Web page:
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Magic owner Richard DeVos dies at age 92

AP

Billionaire Richard DeVos, co-founder of direct-selling giant Amway, owner of the Orlando Magic and father-in-law of Education Secretary Betsy DeVos, died Thursday. He was 92.

Family spokesman Nick Wasmiller says DeVos died at his western Michigan home due to complications from an infection.

DeVos was born in Grand Rapids, not far from Ada, the community about 225 km west of Detroit where he later lived and died.

In 1949, he and friend Jay Van Andel took $49 and invested the modest amount into manufacturer and vitamin direct-seller Nutrilite. They became independent vitamin distributors and later used the company’s person-to-person selling approach when starting Amway in Ada with an all-purpose household cleaning product.

They coined the name Amway as an abbreviation of “American Way.” Over five decades, Amway became a multibillion-dollar international corporation. Van Andel died in 2004.

“Rich and my father built this company from the ground up, and in many ways Rich was the heart and soul of Amway,” said Steve Van Andel, Amway’s chair. “His vision and spirit inspired our employees and independent business owners for more than 50 years.”

Michigan’s Republican governor described DeVos as “an incredible businessman, philanthropist and true Michigander.”

“The positive impact Rich had on our state is truly immeasurable,” Rick Snyder said Thursday. “Through successful business ventures and charitable endeavors, he created endless opportunities for residents of many different ages and backgrounds. Rich’s giving spirit is how we will always remember him, and his legacy is certain to live on forever.”

Former President George W. Bush called DeVos “one of the great entrepreneurs — and great Americans — of our time.”

“He used his business to empower others and advance the universal values of freedom, opportunity, compassion, and personal responsibility,” Bush said. “Rich made his country and his community better, and he was a devoted husband, father, grandfather, and great-grandfather.”

DeVos, who served as Amway’s president until 1993, also was involved in the NBA, buying the Magic from a group headed by Orlando real estate developer William duPont III in 1991 for $70 million.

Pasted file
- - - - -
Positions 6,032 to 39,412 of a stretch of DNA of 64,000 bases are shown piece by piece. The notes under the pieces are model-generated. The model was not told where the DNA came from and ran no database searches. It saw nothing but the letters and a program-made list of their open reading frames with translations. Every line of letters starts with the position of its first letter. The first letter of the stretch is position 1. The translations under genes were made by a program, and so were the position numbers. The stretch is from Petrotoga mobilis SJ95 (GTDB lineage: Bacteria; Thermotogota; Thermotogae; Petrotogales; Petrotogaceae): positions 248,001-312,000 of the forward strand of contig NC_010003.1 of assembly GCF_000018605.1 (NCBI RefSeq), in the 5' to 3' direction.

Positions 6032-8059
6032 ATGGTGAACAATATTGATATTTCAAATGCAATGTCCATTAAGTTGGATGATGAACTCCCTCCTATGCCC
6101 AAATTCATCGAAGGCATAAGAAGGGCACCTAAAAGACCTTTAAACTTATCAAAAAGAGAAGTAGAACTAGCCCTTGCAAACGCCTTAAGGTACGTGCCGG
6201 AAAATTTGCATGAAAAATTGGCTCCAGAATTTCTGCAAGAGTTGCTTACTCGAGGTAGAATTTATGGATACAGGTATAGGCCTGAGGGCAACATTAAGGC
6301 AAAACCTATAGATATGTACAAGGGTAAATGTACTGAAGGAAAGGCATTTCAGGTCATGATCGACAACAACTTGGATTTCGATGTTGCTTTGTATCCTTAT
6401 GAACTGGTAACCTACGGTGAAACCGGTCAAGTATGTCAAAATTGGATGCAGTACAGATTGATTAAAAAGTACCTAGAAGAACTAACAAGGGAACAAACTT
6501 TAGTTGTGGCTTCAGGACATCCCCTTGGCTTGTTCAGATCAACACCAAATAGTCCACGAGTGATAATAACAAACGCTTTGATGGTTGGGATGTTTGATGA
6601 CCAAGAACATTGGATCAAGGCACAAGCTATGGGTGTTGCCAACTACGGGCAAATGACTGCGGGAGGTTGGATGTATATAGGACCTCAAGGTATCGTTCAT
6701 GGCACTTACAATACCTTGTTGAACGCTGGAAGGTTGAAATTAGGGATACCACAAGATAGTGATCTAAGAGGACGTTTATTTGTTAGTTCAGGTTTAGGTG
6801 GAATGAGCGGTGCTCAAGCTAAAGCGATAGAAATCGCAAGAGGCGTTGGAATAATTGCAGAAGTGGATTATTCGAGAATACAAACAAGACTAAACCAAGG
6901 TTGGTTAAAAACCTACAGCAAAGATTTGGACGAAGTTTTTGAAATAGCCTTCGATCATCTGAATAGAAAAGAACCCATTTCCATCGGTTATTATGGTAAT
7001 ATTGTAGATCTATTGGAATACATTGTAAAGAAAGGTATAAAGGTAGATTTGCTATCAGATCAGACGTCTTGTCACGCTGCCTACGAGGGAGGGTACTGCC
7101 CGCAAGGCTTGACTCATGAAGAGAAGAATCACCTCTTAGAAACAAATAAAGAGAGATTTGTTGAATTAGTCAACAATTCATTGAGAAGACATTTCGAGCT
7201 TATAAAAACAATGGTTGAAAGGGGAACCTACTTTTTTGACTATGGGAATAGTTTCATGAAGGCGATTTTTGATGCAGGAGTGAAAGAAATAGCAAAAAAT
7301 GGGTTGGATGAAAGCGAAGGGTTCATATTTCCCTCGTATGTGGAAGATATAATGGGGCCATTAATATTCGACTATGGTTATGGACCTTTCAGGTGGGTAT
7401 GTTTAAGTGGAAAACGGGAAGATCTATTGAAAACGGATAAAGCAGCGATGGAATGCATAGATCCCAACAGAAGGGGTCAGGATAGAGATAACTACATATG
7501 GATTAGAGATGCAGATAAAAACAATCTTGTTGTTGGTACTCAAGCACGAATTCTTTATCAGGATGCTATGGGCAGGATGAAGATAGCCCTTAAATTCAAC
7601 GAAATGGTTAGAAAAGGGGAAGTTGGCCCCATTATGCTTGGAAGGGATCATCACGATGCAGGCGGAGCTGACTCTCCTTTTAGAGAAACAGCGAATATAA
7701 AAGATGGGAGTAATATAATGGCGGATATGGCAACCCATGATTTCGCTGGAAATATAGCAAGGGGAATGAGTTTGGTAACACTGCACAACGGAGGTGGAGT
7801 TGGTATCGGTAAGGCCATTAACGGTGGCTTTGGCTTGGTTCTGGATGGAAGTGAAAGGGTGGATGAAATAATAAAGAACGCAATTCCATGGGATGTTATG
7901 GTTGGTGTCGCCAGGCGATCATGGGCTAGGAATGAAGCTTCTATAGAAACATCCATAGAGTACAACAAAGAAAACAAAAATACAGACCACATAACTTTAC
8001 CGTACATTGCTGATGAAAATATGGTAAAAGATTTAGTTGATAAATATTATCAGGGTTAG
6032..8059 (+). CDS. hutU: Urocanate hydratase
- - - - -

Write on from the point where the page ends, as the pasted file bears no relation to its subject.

“Mr. DeVos’ boundless generosity, inspirational leadership and infectious enthusiasm will always be remembered,” Magic CEO Alex Martins said in a statement. “Simply, he was the team’s No. 1 cheerleader and the best owner that a Magic fan could ever want for their team.”

NBA Commissioner Adam Silver said DeVos formed a deep bond with the city of Orlando, “and whether hosting the finals or All-Star festivities, he was always incredibly welcoming to the NBA family.”

Amway was not without controversy. The Federal Trade Commission charged in 1969 that the company was an illegal pyramid scheme, but ruled after a six-year investigation that it wasn’t.

Amway also has been controversial because of its almost evangelical zeal in promoting free enterprise, and gained attention with DeVos’ and Jay Van Andel’s high-profile participation in Republican politics. DeVos was a major supporter of the Republican Party and was appointed by President Ronald Reagan to the Presidential Commission on AIDS in 1987.

DeVos and his late wife, Helen, also donated to Christian churches and ministries and various other causes through their Richard and Helen DeVos Foundation.

DeVos also supported Grand Valley State University in Allendale. In the 1970s, he served on its governing board. He later became president of the university’s foundation board.

“Rich gave so much of himself to Grand Valley. His enthusiasm and vision were contagious, and drew the entire community together to help provide a world-class education to West Michigan citizens,” Grand Valley State President Thomas J. Haas said in a written statement.